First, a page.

German Green Energy Law Clears Final Hurdle
Germany's upper house of parliament, the Bundesrat, approved on Friday revamped legislation on funding renewable energy, clearing the way for the law to come into force on Aug. 1.
The far-reaching law, which seeks to cap support payments for renewables without jeopardizing the country's shift towards a low carbon economy, had hung in the balance, after months of negotiations, due to wrangling with European Union authorities over its compatibility with state aid guidelines.
But Brussels granted its consent this week, providing encouragement to the Bundesrat, which represents Germany's 16 states, to vote through the reform package to the renewable energy act (EEG) in its Friday session.
"Germany has embarked on a long project to derive the energy supply of an industrial nation from renewable energy sources, which is historically without parallel," Stefan Wenzel, environment minister of the state of Lower Saxony, told the Bundesrat.
Germany's lower house of parliament, the Bundestag, approved the reform package two weeks ago.
On Wednesday, European Competition Commissioner Joaquin Almunia said Berlin had allayed concerns that German industry might receive unfair advantages through exemptions from obligatory payments towards the cost of funding green energy.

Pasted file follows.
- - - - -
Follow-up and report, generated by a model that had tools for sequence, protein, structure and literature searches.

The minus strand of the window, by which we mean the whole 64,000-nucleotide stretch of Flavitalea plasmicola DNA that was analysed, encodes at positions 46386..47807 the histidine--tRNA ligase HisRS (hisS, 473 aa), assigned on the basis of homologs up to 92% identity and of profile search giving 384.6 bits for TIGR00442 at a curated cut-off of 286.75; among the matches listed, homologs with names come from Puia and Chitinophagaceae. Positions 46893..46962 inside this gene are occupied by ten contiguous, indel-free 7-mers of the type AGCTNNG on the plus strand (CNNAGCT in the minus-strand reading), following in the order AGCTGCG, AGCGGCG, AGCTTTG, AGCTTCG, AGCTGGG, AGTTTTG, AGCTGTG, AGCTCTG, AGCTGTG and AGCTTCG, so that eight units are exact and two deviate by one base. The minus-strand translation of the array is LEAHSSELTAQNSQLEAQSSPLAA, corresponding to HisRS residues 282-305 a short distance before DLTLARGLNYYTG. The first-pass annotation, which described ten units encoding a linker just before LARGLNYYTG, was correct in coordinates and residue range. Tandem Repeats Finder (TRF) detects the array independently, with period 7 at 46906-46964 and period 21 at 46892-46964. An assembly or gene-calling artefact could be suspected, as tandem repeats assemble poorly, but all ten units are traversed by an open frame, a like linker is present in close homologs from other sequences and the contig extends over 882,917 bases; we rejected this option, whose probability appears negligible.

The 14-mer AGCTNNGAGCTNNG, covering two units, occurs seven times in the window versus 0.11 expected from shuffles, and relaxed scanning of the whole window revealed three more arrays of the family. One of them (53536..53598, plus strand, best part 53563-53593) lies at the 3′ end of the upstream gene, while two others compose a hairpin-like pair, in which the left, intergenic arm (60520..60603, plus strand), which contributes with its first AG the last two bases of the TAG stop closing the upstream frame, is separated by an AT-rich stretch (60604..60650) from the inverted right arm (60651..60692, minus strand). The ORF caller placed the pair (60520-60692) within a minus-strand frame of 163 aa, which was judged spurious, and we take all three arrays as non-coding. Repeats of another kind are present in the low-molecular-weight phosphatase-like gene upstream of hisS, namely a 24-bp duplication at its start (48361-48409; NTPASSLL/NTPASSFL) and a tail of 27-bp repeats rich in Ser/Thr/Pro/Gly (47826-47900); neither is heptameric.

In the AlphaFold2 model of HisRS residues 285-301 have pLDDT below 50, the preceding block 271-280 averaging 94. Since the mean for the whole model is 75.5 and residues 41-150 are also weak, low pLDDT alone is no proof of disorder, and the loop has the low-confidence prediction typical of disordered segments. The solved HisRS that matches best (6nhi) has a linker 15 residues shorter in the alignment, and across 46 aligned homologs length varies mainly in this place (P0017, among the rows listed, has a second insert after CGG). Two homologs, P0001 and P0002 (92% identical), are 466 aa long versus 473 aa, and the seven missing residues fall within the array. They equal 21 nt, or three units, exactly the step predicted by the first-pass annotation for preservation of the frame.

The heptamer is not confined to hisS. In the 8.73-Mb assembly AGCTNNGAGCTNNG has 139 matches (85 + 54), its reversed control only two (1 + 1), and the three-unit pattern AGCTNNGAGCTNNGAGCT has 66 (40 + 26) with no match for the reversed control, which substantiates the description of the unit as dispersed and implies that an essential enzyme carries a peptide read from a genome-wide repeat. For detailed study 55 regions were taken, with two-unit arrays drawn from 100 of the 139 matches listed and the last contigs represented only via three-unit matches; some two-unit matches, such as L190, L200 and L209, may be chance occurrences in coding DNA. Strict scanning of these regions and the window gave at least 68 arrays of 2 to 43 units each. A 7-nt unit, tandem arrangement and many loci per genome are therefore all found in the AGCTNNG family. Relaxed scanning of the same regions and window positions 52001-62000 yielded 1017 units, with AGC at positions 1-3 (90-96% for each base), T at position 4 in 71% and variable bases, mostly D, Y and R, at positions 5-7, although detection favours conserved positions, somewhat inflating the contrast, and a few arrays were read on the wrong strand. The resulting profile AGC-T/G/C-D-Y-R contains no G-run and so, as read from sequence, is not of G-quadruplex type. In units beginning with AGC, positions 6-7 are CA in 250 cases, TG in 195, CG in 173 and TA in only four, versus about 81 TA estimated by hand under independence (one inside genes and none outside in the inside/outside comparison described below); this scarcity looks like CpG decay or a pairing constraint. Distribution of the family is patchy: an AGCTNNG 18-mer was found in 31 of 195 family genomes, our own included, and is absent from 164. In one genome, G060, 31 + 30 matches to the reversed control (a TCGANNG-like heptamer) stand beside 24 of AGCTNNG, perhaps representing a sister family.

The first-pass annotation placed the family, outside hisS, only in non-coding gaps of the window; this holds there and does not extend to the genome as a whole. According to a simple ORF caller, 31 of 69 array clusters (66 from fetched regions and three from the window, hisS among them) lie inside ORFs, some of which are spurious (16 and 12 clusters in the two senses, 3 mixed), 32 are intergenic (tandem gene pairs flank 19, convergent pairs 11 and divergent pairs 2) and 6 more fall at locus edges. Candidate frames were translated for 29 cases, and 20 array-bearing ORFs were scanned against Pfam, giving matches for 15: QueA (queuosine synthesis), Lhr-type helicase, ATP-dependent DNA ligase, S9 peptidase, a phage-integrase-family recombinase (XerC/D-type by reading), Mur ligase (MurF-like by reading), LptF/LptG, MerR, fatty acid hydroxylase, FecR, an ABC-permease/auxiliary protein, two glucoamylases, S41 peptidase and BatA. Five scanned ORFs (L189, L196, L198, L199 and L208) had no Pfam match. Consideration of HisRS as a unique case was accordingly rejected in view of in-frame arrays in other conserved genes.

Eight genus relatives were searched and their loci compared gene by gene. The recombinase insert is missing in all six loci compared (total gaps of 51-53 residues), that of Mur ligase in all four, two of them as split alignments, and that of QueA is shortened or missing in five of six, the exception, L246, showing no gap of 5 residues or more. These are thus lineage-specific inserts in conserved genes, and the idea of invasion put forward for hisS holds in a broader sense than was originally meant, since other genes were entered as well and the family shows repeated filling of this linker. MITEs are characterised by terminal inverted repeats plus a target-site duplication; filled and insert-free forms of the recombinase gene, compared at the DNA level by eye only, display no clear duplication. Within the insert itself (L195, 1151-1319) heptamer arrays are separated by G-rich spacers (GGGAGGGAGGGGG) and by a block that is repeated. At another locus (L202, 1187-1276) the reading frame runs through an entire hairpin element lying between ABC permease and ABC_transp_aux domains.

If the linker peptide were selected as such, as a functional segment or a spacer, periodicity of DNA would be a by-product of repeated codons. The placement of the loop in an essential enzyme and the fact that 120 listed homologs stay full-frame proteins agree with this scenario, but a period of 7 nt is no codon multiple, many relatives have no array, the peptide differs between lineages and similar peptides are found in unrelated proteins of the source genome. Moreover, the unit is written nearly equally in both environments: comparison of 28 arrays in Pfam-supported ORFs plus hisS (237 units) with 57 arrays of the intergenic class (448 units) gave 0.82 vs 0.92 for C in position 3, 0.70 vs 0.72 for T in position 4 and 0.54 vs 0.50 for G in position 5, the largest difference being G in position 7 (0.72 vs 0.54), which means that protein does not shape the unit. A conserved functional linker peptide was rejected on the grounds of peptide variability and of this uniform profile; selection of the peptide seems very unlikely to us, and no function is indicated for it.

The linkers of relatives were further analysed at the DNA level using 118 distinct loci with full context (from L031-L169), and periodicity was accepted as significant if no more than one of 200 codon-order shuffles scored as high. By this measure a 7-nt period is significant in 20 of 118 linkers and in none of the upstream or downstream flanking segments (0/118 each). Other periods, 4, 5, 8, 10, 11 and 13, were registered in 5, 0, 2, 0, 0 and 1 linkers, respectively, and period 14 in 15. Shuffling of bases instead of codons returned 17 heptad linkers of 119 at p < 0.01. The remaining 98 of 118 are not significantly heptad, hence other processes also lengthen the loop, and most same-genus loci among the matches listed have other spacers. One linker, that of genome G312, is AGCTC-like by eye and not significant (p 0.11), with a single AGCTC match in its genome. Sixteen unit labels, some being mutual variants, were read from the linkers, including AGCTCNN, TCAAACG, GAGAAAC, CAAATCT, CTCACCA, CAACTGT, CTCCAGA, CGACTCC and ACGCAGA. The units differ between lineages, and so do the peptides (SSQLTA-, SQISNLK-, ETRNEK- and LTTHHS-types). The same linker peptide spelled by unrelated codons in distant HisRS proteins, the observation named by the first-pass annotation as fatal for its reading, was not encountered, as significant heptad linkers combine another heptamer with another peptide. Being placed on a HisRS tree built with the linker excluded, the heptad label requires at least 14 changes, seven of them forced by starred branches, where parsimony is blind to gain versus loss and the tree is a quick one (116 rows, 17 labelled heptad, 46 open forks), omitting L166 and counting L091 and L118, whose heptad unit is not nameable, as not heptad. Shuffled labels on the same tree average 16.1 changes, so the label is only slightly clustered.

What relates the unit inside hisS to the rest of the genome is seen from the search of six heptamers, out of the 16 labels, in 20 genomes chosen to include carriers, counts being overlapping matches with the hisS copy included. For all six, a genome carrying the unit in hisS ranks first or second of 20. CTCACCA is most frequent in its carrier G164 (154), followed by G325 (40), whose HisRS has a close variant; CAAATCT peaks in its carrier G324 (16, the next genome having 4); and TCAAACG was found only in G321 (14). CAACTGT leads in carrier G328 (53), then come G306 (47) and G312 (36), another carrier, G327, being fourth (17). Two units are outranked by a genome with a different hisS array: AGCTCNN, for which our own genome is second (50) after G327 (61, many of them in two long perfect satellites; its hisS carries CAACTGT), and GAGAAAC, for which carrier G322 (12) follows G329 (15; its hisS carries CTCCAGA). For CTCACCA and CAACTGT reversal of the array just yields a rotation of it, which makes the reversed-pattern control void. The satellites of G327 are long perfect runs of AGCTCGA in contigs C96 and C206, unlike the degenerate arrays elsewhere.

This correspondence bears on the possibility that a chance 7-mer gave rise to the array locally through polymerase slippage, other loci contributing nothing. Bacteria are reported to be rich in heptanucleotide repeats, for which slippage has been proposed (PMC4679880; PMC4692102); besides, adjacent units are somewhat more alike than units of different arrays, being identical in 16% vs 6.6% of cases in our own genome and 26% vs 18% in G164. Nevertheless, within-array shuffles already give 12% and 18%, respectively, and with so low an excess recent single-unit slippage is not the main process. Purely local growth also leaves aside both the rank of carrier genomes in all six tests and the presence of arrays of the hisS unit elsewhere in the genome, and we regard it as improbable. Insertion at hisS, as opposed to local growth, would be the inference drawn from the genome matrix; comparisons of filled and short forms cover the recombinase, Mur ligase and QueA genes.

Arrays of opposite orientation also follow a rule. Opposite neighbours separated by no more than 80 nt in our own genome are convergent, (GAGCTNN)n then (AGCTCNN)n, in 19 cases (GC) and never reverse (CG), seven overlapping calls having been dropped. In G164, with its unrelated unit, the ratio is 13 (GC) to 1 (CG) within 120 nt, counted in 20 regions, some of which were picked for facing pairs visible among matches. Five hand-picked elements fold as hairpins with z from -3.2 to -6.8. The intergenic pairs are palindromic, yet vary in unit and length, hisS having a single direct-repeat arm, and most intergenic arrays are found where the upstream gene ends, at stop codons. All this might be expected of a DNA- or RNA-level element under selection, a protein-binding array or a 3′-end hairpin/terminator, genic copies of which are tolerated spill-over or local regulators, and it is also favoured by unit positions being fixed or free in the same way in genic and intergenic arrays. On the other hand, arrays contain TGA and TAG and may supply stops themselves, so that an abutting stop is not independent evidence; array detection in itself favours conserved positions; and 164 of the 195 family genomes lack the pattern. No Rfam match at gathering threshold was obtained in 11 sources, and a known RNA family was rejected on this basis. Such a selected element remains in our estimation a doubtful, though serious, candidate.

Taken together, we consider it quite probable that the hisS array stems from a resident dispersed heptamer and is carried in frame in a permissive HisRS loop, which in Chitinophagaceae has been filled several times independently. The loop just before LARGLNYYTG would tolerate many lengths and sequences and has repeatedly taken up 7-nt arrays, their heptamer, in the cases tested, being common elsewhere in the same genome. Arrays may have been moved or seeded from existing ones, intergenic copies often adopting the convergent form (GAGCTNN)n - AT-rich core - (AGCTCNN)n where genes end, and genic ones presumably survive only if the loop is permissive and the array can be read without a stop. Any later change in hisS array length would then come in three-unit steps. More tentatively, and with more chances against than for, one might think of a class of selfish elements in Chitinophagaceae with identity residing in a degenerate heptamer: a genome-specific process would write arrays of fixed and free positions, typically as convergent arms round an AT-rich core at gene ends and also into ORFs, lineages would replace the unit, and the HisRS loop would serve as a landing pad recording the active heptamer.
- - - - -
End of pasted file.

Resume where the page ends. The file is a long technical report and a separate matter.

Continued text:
He also said Germany had cleared up two other remaining issues - the need to bring foreign renewable power into planned auctions for green energy from 2017 and to change the system of allowing industrial companies, which produce their own power, full discounts on the EEG after that date.
In 2011 Germany embarked on a strategy to accelerate its exit from nuclear energy in light of Japan's Fukushima crisis, stepping up its renewables expansion and lowering its dependence on power stations that run on gas and coal.
Green energy from sources such as wind or sunshine has already reached a share of 25 percent of Germany's power mix and is meant to reach 45 percent by 2025 and 60 percent by 2035.
The EEG reform is aimed at lowering the cost of green energy funding for consumers, among a number of other elements that will be introduced in future, including compensation of conventional producers for loss of market share.
(Reporting by Markus Wacket and Vera Eckert; Editing by Gareth Jones)